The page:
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Old 05-07-2007, 09:41 AM
Location: Tennessee
34,692 posts, read 33,700,331 times
Reputation: 51915


Originally Posted by JayDaughtry View Post
The only comments I would add would be to be realistic and balanced with how you're going to spend your time. Some people may say, "I'm going to play golf everyday." while they only play once a year now. They may find two weeks into retirement that playing golf everyday isn't exactly what they envisioned. One could apply this to any activity and at any frequency, but how does it compare to how you're spending free time now? To choose to spend all one's free time reading now and to think one is instantly going to have an interest in dance lessons at some point in the future is probably unrealistic. Why haven't you taken up some of these activities now?
Yes, activities with emphasis on the "ies" part is the key.

Sometimes people don't realize how much non-organized activities/routines play in their life, too. For instance you may enjoy walking your dog a few times a day or walking to the local coffee shop at 7:00A for the paper, a cup of coffee and a muffin. Some people may enjoy shopping at a particular store. Others make viewing the Travel Channel on a particular night must see TV. If these routines are important to you, you want to make sure the new place will still allow you to enjoy them.

The person who enjoys walking his dog may look for a place with a dog park, sidewalks, greenway, etc. The person who walks to the coffee shop might not want to live somewhere where the coffee shop is on the other side of a 4 lane highway in a strip mall because he/she enjoys that simple routine of walking for the coffee. The person who likes to shop at a particular store on a regular basis may not want a substitute if the routine is that important to them. The person who enjoys the travel channel program might want to make sure the new cable company carries it.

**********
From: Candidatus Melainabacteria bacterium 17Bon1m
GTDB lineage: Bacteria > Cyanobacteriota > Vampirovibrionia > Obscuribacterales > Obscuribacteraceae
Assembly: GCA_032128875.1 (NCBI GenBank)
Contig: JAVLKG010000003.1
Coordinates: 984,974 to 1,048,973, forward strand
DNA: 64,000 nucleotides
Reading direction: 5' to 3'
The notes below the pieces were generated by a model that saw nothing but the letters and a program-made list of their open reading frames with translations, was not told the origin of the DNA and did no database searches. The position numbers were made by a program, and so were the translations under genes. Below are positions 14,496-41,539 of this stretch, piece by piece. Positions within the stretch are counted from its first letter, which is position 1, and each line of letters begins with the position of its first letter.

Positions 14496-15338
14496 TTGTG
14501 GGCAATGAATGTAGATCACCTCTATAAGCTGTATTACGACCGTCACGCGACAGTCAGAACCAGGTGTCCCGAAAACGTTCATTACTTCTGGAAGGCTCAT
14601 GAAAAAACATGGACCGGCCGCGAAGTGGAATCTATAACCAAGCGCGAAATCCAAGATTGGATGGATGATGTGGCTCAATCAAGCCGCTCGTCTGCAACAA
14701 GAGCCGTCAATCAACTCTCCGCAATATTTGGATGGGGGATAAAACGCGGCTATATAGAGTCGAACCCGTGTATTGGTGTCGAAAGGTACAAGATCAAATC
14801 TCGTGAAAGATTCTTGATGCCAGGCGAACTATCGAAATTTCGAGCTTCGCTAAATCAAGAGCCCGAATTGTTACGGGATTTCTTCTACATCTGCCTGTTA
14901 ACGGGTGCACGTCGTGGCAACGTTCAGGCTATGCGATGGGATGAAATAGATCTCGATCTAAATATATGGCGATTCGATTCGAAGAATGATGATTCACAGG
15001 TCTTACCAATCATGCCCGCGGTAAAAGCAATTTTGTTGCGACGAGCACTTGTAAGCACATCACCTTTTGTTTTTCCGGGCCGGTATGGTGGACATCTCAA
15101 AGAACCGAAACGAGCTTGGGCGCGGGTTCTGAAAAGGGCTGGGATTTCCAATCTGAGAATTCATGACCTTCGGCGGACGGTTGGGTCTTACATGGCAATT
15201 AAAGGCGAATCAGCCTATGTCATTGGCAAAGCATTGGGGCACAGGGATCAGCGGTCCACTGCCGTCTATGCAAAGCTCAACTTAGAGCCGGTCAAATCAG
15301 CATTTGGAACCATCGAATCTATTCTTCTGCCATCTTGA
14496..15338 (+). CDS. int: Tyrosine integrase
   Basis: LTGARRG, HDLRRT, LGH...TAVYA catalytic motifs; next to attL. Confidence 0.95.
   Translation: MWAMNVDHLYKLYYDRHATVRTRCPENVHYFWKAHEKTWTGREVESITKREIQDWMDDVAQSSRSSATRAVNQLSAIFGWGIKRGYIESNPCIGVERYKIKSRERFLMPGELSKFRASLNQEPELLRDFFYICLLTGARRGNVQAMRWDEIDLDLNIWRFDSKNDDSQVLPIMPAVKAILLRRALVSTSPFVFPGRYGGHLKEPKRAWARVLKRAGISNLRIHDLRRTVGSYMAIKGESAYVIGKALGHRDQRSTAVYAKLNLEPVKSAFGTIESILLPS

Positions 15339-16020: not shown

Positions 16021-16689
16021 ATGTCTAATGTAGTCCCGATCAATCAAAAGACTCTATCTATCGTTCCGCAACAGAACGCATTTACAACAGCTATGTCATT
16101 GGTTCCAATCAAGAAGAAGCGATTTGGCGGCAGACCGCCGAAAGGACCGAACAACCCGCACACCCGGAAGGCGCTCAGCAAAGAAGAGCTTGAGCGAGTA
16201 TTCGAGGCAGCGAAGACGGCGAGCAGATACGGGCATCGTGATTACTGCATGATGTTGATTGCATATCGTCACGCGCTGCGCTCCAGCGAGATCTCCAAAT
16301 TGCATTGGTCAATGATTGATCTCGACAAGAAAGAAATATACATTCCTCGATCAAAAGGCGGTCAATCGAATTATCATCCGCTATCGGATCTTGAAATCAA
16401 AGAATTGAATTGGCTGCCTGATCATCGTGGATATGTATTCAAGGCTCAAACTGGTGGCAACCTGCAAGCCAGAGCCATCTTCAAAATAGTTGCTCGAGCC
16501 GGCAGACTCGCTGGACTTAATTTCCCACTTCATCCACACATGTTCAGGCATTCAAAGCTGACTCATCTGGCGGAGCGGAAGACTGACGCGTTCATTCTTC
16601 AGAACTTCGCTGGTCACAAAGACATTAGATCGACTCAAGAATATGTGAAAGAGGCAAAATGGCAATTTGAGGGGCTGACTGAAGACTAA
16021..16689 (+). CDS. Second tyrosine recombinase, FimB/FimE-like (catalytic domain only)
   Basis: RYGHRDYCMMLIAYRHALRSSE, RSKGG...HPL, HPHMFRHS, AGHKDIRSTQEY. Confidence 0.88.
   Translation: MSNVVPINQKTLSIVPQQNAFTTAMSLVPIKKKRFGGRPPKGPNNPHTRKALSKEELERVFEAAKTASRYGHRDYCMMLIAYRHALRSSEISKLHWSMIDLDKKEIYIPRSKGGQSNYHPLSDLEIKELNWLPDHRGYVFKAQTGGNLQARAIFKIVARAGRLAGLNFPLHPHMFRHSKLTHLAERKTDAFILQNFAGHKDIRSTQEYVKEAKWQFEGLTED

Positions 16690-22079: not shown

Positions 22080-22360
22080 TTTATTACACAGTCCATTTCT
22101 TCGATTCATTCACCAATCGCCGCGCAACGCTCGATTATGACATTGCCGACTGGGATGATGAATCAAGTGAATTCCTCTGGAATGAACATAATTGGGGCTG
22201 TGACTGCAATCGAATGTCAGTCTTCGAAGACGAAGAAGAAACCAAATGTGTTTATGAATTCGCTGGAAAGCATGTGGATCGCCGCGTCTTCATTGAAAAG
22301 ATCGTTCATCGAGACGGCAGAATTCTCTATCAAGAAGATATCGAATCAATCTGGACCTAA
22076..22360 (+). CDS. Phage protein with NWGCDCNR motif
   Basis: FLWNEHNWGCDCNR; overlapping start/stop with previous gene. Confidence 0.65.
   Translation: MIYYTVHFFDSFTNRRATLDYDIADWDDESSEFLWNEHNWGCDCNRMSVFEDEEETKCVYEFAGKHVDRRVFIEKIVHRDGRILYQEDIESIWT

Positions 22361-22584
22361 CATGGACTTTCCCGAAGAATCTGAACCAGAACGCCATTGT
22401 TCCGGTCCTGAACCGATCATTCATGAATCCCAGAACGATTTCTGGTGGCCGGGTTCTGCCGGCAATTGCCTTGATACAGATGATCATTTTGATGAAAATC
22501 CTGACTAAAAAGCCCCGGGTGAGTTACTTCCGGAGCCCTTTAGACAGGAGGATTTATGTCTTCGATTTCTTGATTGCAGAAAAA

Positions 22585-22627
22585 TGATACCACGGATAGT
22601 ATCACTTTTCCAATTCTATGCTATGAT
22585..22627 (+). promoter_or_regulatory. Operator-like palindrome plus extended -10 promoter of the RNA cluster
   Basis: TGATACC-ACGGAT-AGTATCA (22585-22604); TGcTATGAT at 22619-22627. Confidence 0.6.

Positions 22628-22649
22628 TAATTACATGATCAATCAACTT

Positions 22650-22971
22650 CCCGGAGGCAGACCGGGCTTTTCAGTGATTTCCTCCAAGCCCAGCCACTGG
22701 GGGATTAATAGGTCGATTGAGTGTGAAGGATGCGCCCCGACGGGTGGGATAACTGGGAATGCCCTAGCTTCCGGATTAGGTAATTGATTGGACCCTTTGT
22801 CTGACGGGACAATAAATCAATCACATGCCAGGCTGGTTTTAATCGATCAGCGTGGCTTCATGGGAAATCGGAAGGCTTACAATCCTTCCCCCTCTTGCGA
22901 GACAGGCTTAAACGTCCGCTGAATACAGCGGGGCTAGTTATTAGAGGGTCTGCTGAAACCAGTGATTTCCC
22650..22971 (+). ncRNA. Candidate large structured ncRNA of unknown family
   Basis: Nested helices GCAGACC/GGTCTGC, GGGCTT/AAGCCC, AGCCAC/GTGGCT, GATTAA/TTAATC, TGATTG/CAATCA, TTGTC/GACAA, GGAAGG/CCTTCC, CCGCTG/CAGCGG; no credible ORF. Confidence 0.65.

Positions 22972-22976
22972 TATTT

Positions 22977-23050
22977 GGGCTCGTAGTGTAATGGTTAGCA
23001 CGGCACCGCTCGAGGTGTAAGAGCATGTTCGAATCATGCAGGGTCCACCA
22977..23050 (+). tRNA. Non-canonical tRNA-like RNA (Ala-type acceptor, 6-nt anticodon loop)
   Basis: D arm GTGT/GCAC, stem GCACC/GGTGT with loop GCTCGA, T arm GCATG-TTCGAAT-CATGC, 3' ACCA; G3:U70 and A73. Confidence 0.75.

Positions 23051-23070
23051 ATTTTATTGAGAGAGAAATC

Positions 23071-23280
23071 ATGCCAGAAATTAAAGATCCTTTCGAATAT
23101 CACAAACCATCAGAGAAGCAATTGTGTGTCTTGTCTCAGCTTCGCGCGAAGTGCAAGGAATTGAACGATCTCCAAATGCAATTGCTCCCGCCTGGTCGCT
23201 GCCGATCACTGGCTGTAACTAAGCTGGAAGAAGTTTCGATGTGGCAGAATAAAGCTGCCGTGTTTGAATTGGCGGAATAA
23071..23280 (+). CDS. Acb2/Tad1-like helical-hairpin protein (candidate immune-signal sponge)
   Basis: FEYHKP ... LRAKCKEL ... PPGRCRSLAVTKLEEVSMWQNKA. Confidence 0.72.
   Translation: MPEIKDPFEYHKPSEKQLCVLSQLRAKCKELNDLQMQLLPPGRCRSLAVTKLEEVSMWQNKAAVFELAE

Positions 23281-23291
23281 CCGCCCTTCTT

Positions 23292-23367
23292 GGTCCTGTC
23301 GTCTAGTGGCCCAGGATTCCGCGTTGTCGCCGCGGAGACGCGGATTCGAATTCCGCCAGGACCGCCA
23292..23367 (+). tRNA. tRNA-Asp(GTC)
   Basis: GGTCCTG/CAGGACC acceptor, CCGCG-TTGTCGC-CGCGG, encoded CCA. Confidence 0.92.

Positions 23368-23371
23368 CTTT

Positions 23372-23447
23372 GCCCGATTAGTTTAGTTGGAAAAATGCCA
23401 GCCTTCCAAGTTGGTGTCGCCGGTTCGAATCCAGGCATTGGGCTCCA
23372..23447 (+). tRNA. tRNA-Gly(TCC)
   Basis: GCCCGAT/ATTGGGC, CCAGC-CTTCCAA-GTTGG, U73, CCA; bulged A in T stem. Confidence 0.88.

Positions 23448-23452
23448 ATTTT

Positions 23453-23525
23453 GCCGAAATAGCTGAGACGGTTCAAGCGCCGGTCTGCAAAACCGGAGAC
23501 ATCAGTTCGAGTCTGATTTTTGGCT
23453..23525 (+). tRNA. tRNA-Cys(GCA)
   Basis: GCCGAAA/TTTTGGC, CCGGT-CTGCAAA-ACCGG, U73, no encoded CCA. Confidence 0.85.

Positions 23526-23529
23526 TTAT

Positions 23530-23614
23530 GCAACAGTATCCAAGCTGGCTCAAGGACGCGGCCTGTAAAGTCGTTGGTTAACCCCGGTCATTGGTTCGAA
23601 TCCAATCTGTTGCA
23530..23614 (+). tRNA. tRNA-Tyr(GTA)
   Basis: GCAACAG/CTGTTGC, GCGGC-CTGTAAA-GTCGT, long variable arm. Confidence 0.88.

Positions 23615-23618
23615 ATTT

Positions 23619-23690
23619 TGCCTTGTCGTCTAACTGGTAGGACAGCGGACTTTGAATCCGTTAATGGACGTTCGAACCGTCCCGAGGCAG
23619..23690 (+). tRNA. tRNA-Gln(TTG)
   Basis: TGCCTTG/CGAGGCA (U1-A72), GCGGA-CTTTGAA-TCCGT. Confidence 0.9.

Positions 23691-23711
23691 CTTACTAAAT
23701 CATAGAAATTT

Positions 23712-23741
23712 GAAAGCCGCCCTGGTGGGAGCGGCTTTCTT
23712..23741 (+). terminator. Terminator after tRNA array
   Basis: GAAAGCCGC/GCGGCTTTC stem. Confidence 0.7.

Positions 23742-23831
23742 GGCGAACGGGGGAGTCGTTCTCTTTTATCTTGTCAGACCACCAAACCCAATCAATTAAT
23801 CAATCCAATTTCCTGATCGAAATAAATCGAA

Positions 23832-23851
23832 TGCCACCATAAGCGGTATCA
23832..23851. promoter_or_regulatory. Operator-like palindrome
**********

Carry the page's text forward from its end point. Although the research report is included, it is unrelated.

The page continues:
So, when you are making your list of activities, don't forget to include the routines you enjoy, too.

Use the online yellow pages to find out what's (like restaurants and stores) actually in your potential new town and the adjacent towns.

If you want to view photos of the town, in addition to what is on the City-Data pages, go to the Google homepage and click on images (just above the search box). On the Images search page, type in the name of your potential new town (i.e., "New Elmsville" VT) in the search box.

Also, and this is for people who are thinking of moving to suburbia or a small town, almost every newspaper has an online edition. Sometimes you have to subscribe online but it is usually free. Read that paper's community news and/or local news pages on a regular basis to find out:

1) what's going on in the town (events)

2) where the crime is located in the town/city (newspapers sometimes print addresses which you can accumulate and then take to Mapquest to find out in which neighborhoods the crime is clustered) so you can avoid those areas.

3) what the issues and town plans are based on town meeting/city council news stories (e.g., it would be nice to know where a 300 room hotel or new highway is planned before you move there; it would be nice to know that a new addition is planned for the high school and taxes will be increased to pay for it in 3 years; it would be nice to know that there was supposed to be a new mall in your town and 5 years later it still hasn't gotten off the ground, etc.).

4) what's going on in the schools if you are retiring with school aged children.

Just some research tips.
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Old 05-25-2009, 07:10 PM
Location: Mid-Atlantic east coast
5,372 posts, read 9,866,638 times
Reputation: 10243
My point of view about living in the South for the first time (born in PA, lived a long time in No. CA, and brief amounts of time in Michigan, Chicago, Boston) might be a little different.